Andango or Anko Dango is a dango skewer covered in thick sweet paste made from Azuki red beans called Anko. The dango itself can be either plain white dango or flavored with different herbs (Yomogi dango and Cha dango are both popular bases for Andango).
Zunda Dango is, arguably, a sub-type of Andango. It’s plain white dango covered in a thick paste made with edamame (immature soybeans) and sweetened with sugar.
Kuri Dango is also somewhat similar. It’s dango covered with sweet chestnut paste, most commonly found in Kumamoto prefecture.
Goma Dango is a sesame-flavored dango. It can be either white dumplings covered with sesame paste or the dumplings themselves flavored with sesame. The version flavored with toasted black sesame is called Kurogoma Dango. Goma dango can be sweet or salty.
Kinako Dango is dango covered in toasted soybean flour (kinako). Like Anko Dango, various flavors can be used as the base, from plain white to matcha dango.
Shoyu Dango is a savory type of dango that’s flavored with shoyu (Japanese-style soy sauce) and baked instead of boiling. It has a bright orange color, with visible charring. Sometimes Shoyu dango is served wrapped in dried laver (nori). It’s considered a separate dango variety called Isobe Dango.
Mitarashi Dango is, quite possibly, the most famous of the bunch, or at least (after anime has instilled the image of tri-colored dango in so many brains) the second most famous after Hanami dango. Mitarashi dango is a classic white dango covered in a caramel-like sauce made with shoyu soy sauce, sugar, and starch. Mitarashi dango is often smaller in size than other dango and is served on a bamboo skewer in groups of three to five. Its originally from Kyoto-based Kamo Mitarashi Tea House and is thought to have been a ceremonial treat.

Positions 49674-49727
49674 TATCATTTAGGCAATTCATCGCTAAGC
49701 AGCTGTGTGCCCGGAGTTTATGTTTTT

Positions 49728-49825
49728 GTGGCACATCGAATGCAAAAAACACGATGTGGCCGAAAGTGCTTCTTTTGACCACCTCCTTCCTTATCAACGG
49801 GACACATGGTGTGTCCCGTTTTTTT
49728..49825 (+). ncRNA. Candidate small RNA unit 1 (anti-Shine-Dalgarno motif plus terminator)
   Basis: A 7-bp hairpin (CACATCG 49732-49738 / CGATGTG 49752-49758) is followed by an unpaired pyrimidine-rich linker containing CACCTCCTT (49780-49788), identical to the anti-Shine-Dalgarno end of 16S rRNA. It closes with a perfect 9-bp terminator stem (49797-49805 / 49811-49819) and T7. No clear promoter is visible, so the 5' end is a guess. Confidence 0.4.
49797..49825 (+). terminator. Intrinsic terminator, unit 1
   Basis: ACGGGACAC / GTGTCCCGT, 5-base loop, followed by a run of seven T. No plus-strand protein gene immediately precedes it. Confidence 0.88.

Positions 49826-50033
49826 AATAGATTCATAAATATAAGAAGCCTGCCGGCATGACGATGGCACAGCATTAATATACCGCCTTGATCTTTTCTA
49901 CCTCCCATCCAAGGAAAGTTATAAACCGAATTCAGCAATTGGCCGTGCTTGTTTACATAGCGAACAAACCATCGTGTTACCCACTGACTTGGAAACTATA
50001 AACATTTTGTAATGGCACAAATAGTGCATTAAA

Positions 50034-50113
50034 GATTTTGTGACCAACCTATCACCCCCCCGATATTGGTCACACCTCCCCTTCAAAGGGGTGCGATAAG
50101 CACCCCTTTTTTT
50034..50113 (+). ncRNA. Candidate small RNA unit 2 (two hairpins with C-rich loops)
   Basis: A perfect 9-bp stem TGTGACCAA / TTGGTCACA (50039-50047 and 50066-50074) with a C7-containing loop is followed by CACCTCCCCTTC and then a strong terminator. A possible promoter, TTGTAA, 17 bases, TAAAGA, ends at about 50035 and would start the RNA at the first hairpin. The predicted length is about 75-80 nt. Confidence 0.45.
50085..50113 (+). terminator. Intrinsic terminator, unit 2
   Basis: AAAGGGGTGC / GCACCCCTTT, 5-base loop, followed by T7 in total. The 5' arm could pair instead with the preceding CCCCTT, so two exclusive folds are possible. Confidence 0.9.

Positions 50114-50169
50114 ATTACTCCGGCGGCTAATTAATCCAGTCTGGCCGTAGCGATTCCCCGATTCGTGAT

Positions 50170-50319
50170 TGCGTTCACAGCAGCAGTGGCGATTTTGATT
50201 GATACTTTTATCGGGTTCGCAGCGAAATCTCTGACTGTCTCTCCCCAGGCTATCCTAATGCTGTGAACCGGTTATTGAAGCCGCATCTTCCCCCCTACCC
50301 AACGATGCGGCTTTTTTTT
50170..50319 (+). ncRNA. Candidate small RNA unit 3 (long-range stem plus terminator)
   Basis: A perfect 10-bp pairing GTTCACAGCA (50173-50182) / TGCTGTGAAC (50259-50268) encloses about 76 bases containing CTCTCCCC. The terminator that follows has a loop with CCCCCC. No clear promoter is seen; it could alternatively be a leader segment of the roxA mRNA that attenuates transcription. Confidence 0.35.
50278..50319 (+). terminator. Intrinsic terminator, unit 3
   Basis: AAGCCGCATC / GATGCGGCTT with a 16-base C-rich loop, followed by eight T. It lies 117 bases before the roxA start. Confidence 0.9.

Non-Rice Dango Varieties:
While glutinous rice flour, known as mochiko, is the most common dango base, it has been substituted for other ingredients in the past. Some of these varieties became iconic in their own right over centuries and now hold no less regard than classic dango. These include:
Kibi Dango is made with millet flour. It’s closely associated with folk hero Momotaro.
Denpun Dango is made with potato flour and baked with sweet beans. It’s a Hokkaido specialty.
Chocolate Dango may refer to two different desserts. Either plain white dango covered with chocolate paste or small chocolate balls skewered like dango and dusted with crushed nuts.
Niku Dango isn’t made from flour but from meat. It’s called dango due to a similar serving style: small meat dumplings (most often made from chicken) get skewered and covered in sweet tare sauce.
What to Pair with Dango:
Vendors traditionally serve dango by itself, still slightly warm, accompanied by only fresh hot green tea (sencha).